A History of eCommerce & What the Future Holds for eCommerce
eCommerce has become as much a part of most people’s lives as retail shopping was 20 years ago, especially with the push of COVID-19. Chances are you’ve made an online purchase – a new song, clothing item, or even something more substantial – within the last few weeks.
It’s probably a safe bet that your company has a lot riding on its current eCommerce efforts. But have you ever looked back at where eCommerce began? It might help you better predict where it’s going and how your company can prepare.
- The roots of eCommerce stretch all the way back to the 60s. We can trace its origins to the Electronic Data Interchange, which was used to transfer data from one computer to another.
- In the 2010s, Shopify and WordPress made it easy for people with no technical background to set up eCommerce websites.
- In today’s world, using AI in commerce is crucial. Businesses can better tailor their suggestions for products and services, enhance their shipping capabilities, boost marketing effectiveness, and much more with its assistance.
The 4 Eras of eCommerce (So Far)
If you think eCommerce is a relatively new phenomenon, you might be surprised to learn that it goes back several decades. Here are the four eras of eCommerce thus far:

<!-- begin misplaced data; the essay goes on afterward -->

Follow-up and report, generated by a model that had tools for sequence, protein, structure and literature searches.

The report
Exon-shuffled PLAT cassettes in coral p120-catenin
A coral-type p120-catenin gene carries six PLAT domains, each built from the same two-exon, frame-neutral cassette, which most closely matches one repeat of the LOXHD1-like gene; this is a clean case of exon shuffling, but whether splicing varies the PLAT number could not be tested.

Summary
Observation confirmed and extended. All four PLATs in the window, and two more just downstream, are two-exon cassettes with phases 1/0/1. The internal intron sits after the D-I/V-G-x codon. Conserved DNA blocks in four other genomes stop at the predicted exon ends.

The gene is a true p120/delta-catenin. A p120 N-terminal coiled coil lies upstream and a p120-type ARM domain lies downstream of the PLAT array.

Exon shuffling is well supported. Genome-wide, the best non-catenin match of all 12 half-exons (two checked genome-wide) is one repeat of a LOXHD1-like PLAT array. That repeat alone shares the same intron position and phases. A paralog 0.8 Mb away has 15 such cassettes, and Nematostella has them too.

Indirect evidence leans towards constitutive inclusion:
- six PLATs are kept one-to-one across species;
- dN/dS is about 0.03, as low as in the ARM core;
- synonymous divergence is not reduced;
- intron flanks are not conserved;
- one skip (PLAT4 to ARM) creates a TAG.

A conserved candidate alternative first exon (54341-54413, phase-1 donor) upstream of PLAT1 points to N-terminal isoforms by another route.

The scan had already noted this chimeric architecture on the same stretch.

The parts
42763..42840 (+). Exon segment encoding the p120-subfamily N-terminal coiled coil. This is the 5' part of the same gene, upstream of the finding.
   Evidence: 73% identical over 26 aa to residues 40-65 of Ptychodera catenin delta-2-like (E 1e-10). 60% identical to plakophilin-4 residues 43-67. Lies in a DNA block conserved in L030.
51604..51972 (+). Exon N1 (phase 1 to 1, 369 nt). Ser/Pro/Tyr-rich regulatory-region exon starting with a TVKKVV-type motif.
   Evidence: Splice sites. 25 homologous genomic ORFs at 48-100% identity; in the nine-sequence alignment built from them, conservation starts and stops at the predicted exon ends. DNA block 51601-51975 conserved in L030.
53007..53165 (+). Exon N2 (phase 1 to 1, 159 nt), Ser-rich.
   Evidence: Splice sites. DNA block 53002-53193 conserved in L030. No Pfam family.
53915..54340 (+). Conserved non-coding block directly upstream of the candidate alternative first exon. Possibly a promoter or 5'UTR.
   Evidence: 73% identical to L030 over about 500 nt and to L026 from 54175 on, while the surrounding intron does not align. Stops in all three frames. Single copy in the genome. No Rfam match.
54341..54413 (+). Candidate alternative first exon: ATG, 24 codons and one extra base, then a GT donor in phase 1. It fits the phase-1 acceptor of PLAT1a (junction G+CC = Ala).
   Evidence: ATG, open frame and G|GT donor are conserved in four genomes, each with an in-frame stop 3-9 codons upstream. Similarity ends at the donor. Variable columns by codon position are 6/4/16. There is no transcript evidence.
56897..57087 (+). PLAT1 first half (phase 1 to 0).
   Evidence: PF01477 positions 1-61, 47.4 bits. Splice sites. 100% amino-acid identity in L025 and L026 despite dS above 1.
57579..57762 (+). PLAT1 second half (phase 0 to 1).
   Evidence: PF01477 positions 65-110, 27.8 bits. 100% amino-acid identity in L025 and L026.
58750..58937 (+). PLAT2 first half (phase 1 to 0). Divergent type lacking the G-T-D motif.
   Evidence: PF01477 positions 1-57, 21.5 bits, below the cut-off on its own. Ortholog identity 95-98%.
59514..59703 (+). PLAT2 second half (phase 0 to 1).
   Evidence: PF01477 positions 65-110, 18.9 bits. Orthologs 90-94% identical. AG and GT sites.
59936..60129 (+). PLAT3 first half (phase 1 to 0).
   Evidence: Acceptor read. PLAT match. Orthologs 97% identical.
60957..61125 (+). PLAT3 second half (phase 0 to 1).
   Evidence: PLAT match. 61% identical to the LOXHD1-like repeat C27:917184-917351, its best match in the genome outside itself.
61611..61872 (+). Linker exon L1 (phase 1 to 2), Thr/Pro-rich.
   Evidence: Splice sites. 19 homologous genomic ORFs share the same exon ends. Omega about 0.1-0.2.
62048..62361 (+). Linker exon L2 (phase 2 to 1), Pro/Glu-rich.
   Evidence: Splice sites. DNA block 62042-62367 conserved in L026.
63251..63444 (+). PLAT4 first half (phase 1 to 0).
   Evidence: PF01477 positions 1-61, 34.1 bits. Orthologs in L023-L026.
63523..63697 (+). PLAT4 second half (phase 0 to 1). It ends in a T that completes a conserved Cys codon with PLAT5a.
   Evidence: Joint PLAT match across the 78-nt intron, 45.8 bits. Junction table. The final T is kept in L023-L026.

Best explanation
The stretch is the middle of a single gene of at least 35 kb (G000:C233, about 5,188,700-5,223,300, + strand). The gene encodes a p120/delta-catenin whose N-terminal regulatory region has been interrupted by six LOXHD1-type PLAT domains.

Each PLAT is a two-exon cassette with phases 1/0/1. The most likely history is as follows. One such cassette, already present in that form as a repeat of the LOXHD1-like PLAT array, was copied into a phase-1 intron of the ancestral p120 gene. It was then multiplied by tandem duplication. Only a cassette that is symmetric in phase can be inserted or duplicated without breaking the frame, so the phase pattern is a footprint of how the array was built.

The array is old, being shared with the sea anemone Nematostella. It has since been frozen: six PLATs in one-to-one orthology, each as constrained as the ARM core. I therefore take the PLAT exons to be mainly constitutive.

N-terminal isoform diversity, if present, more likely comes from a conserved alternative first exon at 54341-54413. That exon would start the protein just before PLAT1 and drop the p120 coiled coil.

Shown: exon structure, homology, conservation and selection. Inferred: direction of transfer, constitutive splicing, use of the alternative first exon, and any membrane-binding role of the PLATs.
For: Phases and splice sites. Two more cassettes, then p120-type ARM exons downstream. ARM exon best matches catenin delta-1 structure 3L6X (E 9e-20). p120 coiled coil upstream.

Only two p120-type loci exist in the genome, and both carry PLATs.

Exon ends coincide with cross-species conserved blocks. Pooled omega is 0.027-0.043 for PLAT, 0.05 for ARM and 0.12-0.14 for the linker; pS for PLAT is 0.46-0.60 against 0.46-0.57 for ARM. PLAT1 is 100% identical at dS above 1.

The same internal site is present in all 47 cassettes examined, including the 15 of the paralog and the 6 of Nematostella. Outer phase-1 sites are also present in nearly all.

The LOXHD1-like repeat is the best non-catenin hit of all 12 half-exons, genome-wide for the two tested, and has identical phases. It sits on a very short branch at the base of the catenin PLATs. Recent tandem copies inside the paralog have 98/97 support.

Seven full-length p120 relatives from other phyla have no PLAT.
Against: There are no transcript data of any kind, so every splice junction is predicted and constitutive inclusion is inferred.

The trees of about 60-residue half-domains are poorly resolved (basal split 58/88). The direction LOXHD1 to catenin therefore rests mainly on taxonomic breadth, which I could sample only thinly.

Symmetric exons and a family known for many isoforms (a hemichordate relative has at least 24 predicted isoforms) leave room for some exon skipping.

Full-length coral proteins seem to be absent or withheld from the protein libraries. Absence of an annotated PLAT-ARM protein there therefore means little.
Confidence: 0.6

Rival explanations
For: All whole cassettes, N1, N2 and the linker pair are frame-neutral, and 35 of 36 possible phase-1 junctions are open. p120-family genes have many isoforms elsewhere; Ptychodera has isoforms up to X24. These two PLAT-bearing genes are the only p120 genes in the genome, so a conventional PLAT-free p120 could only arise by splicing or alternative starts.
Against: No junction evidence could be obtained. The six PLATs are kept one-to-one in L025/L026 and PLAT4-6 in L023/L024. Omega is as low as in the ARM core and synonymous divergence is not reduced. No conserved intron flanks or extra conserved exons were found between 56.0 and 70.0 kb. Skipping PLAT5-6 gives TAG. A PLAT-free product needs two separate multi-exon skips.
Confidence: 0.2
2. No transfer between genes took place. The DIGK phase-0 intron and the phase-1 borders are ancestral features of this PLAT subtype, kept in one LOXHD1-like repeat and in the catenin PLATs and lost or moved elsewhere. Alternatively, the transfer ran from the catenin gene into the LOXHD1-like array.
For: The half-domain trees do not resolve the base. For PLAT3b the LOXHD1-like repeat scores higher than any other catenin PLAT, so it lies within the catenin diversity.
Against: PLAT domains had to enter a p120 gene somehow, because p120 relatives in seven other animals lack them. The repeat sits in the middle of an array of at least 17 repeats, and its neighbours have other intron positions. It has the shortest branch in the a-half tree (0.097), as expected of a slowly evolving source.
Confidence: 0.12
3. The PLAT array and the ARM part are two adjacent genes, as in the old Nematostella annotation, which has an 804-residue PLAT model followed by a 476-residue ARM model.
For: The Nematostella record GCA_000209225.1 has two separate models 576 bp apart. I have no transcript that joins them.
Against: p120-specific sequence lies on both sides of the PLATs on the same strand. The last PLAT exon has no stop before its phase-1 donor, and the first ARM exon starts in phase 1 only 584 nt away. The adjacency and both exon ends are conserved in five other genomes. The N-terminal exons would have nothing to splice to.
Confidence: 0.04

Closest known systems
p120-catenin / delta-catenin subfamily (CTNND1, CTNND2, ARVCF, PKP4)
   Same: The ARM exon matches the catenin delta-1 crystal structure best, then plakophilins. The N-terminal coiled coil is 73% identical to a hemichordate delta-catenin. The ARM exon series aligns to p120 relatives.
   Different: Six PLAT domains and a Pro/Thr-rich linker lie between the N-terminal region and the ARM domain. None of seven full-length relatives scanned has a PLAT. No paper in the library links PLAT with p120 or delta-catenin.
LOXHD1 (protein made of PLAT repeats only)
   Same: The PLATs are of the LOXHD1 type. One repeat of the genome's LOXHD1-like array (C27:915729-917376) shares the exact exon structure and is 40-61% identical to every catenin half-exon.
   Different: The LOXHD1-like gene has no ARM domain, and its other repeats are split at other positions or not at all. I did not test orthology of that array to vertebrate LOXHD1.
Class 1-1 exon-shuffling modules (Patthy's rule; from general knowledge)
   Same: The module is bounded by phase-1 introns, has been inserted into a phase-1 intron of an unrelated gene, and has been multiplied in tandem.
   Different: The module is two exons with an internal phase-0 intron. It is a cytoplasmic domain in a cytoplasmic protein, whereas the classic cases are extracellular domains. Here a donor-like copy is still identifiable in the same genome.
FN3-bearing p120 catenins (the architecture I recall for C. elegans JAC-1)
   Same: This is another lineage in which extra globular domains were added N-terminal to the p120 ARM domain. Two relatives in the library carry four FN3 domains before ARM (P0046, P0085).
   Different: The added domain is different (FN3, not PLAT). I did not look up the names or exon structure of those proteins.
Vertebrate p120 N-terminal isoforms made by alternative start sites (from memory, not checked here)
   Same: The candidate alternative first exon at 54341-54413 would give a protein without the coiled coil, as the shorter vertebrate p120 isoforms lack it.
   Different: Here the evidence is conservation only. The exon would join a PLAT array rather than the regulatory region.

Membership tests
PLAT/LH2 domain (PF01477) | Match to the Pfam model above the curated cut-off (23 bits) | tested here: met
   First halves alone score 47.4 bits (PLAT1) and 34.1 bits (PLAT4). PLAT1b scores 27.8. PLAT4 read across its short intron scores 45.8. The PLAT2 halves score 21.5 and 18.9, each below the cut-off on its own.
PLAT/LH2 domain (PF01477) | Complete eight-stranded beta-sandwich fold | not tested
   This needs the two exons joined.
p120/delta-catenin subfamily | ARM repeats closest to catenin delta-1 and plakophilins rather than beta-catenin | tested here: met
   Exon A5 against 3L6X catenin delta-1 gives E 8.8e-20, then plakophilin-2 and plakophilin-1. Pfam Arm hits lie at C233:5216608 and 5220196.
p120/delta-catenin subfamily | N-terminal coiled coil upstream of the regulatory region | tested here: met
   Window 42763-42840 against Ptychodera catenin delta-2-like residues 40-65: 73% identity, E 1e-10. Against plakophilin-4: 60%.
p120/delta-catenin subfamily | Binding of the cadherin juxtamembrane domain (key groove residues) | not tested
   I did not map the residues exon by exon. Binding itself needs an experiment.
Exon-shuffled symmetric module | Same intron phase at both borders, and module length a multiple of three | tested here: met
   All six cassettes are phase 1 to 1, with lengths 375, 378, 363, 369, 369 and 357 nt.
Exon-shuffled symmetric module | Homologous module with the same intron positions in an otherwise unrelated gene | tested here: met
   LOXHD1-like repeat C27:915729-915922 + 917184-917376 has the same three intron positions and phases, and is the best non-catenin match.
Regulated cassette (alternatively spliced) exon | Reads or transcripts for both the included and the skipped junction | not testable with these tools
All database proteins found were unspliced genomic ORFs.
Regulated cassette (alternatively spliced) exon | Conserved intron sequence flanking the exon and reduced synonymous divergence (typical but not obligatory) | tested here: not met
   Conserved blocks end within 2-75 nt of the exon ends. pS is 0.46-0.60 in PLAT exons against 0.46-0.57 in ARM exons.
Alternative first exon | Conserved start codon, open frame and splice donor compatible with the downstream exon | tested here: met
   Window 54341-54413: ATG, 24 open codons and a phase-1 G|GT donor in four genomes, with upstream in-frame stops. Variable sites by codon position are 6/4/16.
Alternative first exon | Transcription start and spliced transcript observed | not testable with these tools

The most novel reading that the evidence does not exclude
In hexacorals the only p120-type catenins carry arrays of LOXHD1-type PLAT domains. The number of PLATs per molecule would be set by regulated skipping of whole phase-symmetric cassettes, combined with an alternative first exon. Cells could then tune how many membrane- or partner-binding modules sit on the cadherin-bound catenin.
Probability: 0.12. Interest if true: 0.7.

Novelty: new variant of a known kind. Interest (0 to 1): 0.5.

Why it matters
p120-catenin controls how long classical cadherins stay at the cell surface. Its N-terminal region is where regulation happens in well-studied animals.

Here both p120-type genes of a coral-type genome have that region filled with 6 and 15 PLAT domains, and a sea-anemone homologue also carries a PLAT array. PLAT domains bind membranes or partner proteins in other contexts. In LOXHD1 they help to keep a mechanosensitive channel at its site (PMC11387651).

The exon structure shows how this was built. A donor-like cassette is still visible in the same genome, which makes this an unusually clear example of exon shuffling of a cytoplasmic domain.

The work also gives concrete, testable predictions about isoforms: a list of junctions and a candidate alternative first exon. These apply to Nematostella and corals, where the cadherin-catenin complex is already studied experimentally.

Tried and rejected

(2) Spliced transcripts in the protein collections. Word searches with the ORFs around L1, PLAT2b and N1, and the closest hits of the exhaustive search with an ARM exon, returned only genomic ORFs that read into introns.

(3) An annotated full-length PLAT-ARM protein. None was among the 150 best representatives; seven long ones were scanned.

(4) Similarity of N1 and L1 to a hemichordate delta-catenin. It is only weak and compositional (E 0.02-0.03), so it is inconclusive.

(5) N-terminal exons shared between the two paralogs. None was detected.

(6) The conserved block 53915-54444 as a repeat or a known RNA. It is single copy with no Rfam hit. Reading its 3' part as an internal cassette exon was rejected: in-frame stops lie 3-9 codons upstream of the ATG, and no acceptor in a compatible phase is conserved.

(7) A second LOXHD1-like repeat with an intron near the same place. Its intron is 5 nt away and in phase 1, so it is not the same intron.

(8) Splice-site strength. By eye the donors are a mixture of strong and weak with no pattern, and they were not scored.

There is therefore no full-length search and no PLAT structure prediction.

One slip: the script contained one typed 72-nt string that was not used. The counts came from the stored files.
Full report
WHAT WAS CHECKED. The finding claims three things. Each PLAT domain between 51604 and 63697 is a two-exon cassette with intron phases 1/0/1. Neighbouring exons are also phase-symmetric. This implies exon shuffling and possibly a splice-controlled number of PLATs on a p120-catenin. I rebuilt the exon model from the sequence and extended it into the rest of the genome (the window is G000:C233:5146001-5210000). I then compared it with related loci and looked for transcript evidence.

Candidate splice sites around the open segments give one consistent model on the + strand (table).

The 60s to 80s
The roots of eCommerce stretch all the way back to the 60s. We can trace its origins to the Electronic Data Interchange (EDI), which was used to transfer data from one computer to another.
For example, trading partners used EDI technology to exchange invoices, orders, and other business transactions. Eventually, EDI led to teleshopping, which resembles today’s eCommerce much more remarkably. Users could place orders with grocery stores and local businesses through a device hooked up to their televisions.
The 80s to 90s
France was the first to introduce something that functioned like the modern World Wide Web. Minitel was invented in 1982 and only went out of use in 2012. The device was a beige computer with an attached keyboard. At first, it gave users access to the phonebook and little else, but eventually, it could be used to look up:
- Bank accounts
- Exam results
- Stock prices
- Travel reservations